Trump says he’d ‘negotiate’ a third term as president in 2024
His former 'fixer' says unlimited terms in office are one of the things Trump admires about autocrats like Kim Jong Un and Vladimir Putin.
For over a year, President Donald Trump has been pushing for a third term in office in 2024. The incumbent, who is currently trailing his challenger, former Vice President Joe Biden, for the presidency, insisted again that he could “negotiate” a third term.
At a campaign event in Nevada on Saturday night, Trump proclaimed that he would “win Nevada,” a state that he lost in 2016 against Hillary Clinton. He declared that he would win four more years in the White House.
“And then after that,” he said, “we’ll negotiate, right? Because we’re probably—based on the way we were treated—we are probably entitled to another four after that.”
The 22nd Amendment to the U.S. Constitution was ratified in 1951 after President Franklin Delano Roosevelt was elected to the presidency four times. The amendment limited presidents to two terms in office. There are no provisions or reasons that a president would be able to negotiate.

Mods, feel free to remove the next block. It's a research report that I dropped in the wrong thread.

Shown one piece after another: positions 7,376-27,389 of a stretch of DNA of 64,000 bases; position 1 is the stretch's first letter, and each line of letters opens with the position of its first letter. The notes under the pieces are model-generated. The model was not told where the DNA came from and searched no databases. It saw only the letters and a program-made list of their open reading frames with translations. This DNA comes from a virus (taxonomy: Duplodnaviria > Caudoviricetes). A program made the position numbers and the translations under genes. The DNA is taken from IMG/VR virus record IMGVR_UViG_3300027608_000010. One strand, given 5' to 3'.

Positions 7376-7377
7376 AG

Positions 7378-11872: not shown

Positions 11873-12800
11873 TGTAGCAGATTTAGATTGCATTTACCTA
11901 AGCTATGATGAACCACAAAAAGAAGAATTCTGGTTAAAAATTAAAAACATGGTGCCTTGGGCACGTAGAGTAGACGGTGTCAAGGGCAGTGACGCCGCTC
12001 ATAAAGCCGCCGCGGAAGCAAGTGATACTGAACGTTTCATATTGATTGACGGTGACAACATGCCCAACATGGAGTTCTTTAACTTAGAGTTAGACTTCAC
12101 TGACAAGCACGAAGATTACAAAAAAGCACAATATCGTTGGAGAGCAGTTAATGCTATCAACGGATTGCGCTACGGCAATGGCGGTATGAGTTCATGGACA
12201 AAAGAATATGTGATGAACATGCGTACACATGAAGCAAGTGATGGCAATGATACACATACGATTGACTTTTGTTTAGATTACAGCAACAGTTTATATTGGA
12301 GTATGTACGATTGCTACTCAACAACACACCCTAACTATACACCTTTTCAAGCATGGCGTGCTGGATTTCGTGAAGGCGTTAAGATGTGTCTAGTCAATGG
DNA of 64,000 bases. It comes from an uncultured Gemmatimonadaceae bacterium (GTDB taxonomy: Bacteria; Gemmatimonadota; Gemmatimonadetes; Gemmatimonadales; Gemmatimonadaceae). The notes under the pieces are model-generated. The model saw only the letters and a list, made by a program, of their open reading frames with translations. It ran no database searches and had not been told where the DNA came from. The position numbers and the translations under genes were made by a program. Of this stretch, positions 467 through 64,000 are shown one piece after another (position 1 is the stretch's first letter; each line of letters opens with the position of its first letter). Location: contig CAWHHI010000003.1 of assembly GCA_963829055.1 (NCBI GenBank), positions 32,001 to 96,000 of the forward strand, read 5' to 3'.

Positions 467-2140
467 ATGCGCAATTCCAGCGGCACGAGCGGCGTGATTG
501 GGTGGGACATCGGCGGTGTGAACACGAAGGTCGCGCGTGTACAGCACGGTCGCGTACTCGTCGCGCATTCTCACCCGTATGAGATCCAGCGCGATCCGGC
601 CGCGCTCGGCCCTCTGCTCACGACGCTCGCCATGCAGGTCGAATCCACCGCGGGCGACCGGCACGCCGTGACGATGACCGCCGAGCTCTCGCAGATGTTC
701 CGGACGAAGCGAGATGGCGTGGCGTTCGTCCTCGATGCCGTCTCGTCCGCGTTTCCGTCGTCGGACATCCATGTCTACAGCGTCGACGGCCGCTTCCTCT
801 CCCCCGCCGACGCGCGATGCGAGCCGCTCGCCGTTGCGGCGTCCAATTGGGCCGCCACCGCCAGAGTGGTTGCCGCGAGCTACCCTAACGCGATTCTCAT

Some media pundits have said that the president is “joking” about staying in office for the third time. However, Trump’s former “fixer,” lawyer Michael Cohen, told Don Lemon last week that “Donald Trump does not have a sense of humor.”
“(He) believes that he should be the ruler—the dictator of the United States of America,” Cohen contended on CNN Tonight with Don Lemon. “He actually is looking to change the Constitution.”
Cohen maintains that unlimited terms in office are one of the things Trump admires about autocrats like Kim Jong Un and Vladimir Putin.
“So I want you to understand that when he says 12 more years if he wins, he is going to automatically—day number one—start thinking about how to change the Constitution for a third term and then a fourth term,” Cohen said.
In order to change the 22nd Amendment, Trump would need an affirmative vote from two-thirds of the House of Representatives and two-thirds of the U.S. Senate, and given the opposition to his presidency, that is highly unlikely.
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